From the rear, Tractor-Trailer is quite obviously just the shortened vehicle form standing on end. I suppose if you left his lower legs extended you would get a really tall robot...
Tractor-Trailer's lower legs are separate from each other and split apart just a bit for robot mode. Each shin is further enhanced with colorful patterns of "robot stuff" and also what looks like a pair of googly eyes.
His painted blue midriff is a passable Gobot imitation with the main attraction being two reflective stickers that are a mirror to Tractor-Trailer's robot soul.
One cannot help but be drawn to the bright red "eye" that serves as the center point of Tractor-Trailer's face. This is probably the weakest part of the robot mode as the design is too flat and far too abstract. It's hard to see but he has a tiny oval that I believe are attempting to serve as lips. Again there is definitely a conscious attempt to copy Machine Robo as the overall layout is eerily similar to Highway Robo's face.
Tractor-Trailer's arms feature the usual level of articulation for a toy of this era each limb being able to rotate at the "shoulder." They are also mounted on a small hinge that tends to loosen with age so the arms drop downward.
At the very least he can proudly show off those sweet swooshes on his container. Righteous decals, bro.
Among robots of a similar vintage, Tractor-Trailer looks a bit simple even when compared to the minuscule Ironworks.
When placed next to Road Ranger in robot mode, the similarities are even more evident. In many ways Tractor-Trailer is the Gobot that never was.
Here he is with Tow Truck whom I will cover in a later review. Both Zybots have such an unrefined simplicity to them but I find Tractor-Trailer to be the better of the two.
Now I wanted to have the Zybots interact with more Transformers but there were some hiccups...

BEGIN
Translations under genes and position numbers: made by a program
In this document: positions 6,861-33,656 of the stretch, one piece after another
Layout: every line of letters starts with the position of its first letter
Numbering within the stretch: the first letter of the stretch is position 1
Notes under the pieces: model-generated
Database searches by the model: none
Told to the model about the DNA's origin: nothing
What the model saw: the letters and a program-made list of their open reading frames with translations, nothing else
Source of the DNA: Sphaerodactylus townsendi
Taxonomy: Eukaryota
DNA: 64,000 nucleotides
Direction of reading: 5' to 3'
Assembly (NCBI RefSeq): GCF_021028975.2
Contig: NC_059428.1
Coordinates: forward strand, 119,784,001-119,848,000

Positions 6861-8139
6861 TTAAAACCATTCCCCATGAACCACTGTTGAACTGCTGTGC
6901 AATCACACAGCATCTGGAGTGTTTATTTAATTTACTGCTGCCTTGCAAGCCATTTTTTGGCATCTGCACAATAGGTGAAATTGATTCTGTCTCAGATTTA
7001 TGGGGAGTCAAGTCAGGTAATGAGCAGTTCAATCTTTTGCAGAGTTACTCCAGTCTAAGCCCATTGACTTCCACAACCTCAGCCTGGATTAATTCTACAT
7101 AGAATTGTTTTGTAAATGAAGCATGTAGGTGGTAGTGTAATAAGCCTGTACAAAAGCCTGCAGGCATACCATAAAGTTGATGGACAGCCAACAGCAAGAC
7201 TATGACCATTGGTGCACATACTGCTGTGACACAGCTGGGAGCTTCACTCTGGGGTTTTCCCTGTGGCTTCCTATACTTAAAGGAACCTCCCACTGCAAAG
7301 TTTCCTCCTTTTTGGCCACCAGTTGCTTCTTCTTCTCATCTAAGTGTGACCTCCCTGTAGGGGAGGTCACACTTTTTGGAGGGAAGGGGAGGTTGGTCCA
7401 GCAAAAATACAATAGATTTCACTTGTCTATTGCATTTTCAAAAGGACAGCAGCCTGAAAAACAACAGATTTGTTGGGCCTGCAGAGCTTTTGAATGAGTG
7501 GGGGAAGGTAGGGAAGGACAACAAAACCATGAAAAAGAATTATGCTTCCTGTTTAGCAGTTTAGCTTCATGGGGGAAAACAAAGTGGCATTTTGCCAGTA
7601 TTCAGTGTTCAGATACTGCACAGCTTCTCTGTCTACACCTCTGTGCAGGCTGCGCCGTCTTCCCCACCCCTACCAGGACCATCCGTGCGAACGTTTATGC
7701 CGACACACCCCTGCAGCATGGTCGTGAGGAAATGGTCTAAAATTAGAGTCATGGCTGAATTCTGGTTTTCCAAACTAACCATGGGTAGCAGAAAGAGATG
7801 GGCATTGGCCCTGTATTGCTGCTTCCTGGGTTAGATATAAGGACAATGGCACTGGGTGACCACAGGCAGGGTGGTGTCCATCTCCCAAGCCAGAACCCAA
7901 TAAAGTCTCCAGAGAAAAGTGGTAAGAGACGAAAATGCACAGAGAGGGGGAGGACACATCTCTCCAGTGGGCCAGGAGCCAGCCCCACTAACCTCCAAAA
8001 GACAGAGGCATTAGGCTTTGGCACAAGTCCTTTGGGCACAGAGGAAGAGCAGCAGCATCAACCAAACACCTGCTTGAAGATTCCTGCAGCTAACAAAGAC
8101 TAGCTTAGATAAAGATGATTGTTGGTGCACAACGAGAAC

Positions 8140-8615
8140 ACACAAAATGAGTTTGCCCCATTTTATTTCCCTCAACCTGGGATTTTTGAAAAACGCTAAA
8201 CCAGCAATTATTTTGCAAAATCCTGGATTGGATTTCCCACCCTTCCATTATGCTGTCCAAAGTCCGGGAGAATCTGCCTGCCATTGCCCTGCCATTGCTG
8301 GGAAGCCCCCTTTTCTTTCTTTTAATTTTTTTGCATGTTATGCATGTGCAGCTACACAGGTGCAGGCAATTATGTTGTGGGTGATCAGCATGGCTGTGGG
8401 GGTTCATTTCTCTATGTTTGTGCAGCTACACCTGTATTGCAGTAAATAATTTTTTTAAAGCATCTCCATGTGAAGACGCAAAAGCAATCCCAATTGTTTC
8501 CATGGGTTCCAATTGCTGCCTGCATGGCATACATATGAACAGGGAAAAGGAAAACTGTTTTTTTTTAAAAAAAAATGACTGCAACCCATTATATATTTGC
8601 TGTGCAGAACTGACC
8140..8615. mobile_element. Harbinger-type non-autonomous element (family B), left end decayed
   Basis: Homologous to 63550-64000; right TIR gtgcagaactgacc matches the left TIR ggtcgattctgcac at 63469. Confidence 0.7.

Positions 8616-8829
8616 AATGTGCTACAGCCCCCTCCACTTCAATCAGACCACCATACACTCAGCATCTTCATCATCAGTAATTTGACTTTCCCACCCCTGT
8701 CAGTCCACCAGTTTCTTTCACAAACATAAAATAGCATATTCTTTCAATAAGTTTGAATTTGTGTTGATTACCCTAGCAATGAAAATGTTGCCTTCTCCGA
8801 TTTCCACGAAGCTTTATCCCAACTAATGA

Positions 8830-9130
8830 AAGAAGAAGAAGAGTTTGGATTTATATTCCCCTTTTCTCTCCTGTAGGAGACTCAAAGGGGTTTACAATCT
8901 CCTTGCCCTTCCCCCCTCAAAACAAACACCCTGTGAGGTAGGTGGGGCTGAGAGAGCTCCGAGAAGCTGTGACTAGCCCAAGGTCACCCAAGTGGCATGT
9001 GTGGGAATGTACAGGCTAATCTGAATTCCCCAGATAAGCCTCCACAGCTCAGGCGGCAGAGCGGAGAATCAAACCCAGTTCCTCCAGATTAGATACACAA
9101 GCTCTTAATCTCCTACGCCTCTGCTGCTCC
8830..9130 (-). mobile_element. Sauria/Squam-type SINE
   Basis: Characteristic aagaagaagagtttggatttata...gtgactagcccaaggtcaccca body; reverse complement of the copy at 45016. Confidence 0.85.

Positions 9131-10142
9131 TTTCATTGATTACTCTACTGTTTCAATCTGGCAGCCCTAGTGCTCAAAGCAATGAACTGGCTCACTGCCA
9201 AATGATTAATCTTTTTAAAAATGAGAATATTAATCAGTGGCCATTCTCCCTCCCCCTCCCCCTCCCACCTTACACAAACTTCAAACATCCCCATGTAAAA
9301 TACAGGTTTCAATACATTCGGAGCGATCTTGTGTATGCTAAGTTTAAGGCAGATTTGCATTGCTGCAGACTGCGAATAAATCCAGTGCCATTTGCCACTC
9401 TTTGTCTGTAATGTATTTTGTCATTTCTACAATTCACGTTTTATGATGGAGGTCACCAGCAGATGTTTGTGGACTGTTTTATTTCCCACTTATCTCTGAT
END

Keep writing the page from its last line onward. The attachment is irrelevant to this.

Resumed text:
"Hey you! Get down from my container right now!"
"No way Mister Lamebot! I only take orders from Optimus Pri-"
"Ｉ ＳＡＩＤ ＧＥＴ ＯＦＦ ＮＯＯＯＯＯＯＯＯＯＯＯＷ！！"
Tractor-Trailer is not some amazing hidden gem of a toy but is certainly a charming little entry in a mostly forgotten line. The truck mode is quite attractive for its size and the robot mode is competent if a bit simple. Fans of old style transformable trucks will probably get the most out of this figure. He does a good job of blending in with regular semis and has some basic play features that help round out the package. If you're looking for Tractor-Trailer on the aftermarket, try to get him with his container as it is essential for completing the vehicle mode. He was available by himself or in the massive 10 Piece Deluxe Gift Set. Tractor-Trailer can usually be had by himself for around $10 to $20 depending on his condition as Zybots aren't really in high demand.
Comments6 comments posted
Now that you have pointed out the "googly eye" decals on the lower legs, I really want to see this guy flipped upside down with the arms arranged as legs/feet/stabilizers to make a block-headed abomination of a robot even more awkward than the intended form.
I keep making jokes about Zybots, but I had the blue one of this guy!
Guess what appears on Robot Chicken:
I like how Starscream's legs were mis-transformed to keep him in frame.
I had this as a kid and a couple years ago I was able to find this MIB. I think he looks great in my Machine Robo collection, though I am not much of a fan of the other bots from the line.
These toys arent that bad. I remeber seeing a Zybots combiner somewhere. It was real odd looking,just like the Bots Master combiner. I wonder when I will see a Bots Master review on here....